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Old 11-14-03, 02:43 PM   #1 (permalink)
Edwin's Avatar
Join Date: Jul-2002
Location: Ontario, Canada
Posts: 2,355
Golfer Bitten in Head by Rattlesnake

Does this make golf an exxtreme sport now?

SAVANNAH, Ga. - When Roy Williamson hit a tee shot off the fairway, the lie turned out to be much rougher than he thought. Williamson, 60, was bitten in the head by a rattlesnake when he went to retrieve his ball from some wetlands.

"I saw my ball pretty much in plain view," Williamson said Thursday, a week after the encounter. "Unfortunately, it was being tended to by a rattlesnake that I didn't see."

He said he picked up the ball and felt something scratch at his right temple as he stood up, slapping at what he thought was a briar. He saw blood and then the rattler, "a good 6 1/2 or 7 feet long."

The men Williamson was playing with his son, brother and brother-in-law came running in response to his screams. He remembers reaching the clubhouse, but the next thing he knew, it was three days later.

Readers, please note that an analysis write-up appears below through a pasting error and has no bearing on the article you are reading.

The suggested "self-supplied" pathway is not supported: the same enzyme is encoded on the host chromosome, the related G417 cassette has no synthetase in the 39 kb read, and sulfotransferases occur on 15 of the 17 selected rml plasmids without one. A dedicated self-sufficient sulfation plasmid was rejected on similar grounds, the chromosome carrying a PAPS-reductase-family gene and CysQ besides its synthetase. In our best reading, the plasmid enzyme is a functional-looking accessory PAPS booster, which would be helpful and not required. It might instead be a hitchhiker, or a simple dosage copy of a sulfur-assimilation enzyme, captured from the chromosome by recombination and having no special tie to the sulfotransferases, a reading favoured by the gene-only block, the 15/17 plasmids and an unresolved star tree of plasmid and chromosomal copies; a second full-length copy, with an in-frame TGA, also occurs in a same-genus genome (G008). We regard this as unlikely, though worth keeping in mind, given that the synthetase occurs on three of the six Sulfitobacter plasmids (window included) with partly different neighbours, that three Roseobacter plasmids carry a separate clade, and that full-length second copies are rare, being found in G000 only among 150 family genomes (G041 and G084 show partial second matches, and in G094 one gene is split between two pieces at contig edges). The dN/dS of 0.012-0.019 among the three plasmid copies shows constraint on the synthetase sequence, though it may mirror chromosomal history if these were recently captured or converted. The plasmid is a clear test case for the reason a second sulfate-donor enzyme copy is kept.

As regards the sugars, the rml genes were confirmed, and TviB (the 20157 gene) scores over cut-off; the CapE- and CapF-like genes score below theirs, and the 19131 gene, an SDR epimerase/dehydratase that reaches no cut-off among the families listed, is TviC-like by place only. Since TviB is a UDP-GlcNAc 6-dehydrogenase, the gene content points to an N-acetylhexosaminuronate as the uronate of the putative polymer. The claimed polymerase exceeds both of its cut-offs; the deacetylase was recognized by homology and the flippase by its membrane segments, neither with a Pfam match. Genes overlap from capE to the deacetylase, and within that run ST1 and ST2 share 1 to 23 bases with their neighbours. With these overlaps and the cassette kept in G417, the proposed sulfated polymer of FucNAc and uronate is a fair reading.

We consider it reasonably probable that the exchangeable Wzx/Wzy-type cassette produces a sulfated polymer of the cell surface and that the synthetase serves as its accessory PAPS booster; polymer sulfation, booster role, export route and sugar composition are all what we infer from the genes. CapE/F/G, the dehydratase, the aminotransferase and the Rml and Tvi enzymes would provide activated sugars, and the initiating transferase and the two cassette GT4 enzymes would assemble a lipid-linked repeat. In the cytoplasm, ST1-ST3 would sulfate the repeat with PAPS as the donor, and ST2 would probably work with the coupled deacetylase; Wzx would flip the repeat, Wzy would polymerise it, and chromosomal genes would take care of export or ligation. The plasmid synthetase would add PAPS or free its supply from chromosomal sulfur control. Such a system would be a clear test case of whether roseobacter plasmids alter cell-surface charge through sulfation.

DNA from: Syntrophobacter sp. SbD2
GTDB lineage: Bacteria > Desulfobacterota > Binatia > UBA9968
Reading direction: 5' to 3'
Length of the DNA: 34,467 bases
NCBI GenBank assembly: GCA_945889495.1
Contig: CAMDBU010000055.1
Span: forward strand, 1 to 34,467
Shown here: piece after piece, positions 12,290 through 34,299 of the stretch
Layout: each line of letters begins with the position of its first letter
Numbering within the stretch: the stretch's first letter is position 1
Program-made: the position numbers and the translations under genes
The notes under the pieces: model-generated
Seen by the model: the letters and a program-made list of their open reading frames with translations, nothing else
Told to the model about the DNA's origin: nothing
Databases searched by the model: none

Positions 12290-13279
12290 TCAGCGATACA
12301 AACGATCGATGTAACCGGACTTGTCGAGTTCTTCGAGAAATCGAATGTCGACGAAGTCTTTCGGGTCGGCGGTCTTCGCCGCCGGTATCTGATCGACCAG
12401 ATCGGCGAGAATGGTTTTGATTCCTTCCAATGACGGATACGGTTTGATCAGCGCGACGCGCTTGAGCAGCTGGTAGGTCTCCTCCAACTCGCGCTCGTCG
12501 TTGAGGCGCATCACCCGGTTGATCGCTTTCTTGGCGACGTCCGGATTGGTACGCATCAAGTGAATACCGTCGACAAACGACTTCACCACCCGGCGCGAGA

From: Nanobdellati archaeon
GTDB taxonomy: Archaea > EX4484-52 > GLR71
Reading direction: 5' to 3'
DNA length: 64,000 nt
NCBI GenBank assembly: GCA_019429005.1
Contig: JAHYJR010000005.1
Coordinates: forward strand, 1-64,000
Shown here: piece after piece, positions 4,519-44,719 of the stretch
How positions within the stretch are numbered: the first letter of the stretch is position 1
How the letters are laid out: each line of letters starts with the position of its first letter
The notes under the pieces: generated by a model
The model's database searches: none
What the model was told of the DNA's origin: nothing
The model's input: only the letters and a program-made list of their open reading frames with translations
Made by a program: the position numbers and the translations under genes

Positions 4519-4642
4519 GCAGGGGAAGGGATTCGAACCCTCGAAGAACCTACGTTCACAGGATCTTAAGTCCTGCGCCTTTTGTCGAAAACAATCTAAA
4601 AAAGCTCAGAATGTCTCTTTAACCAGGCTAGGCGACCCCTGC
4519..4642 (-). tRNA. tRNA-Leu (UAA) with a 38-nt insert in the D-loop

Doctors determined that the snake bit him twice, and the venom quickly spread throughout his body.

Alan Cale, general manager of Henderson Golf Club, said his employees roped off the area and posted warning signs. Professional snake handlers were called to assist in rounding up any snakes at the course.

"It's an unfortunate accident, but on a golf course out in nature you're going to have wildlife," Cale said.

Scott Courdin, wildlife curator at Georgia Southern University, said golf courses can be deceptive because they are so well kept.

"Golf courses may be in the middle of a neighborhood or surrounded by development, but that doesn't mean there's not going to be snakes there," Courdin said.

He said rattlers, water moccasins, copperheads and coral snakes are plentiful in Georgia.

Williamson said he will play golf again but will be much more careful.

"If I go out now and hit a ball off of the fairway in any fashion or form, I will not go after it," he said.

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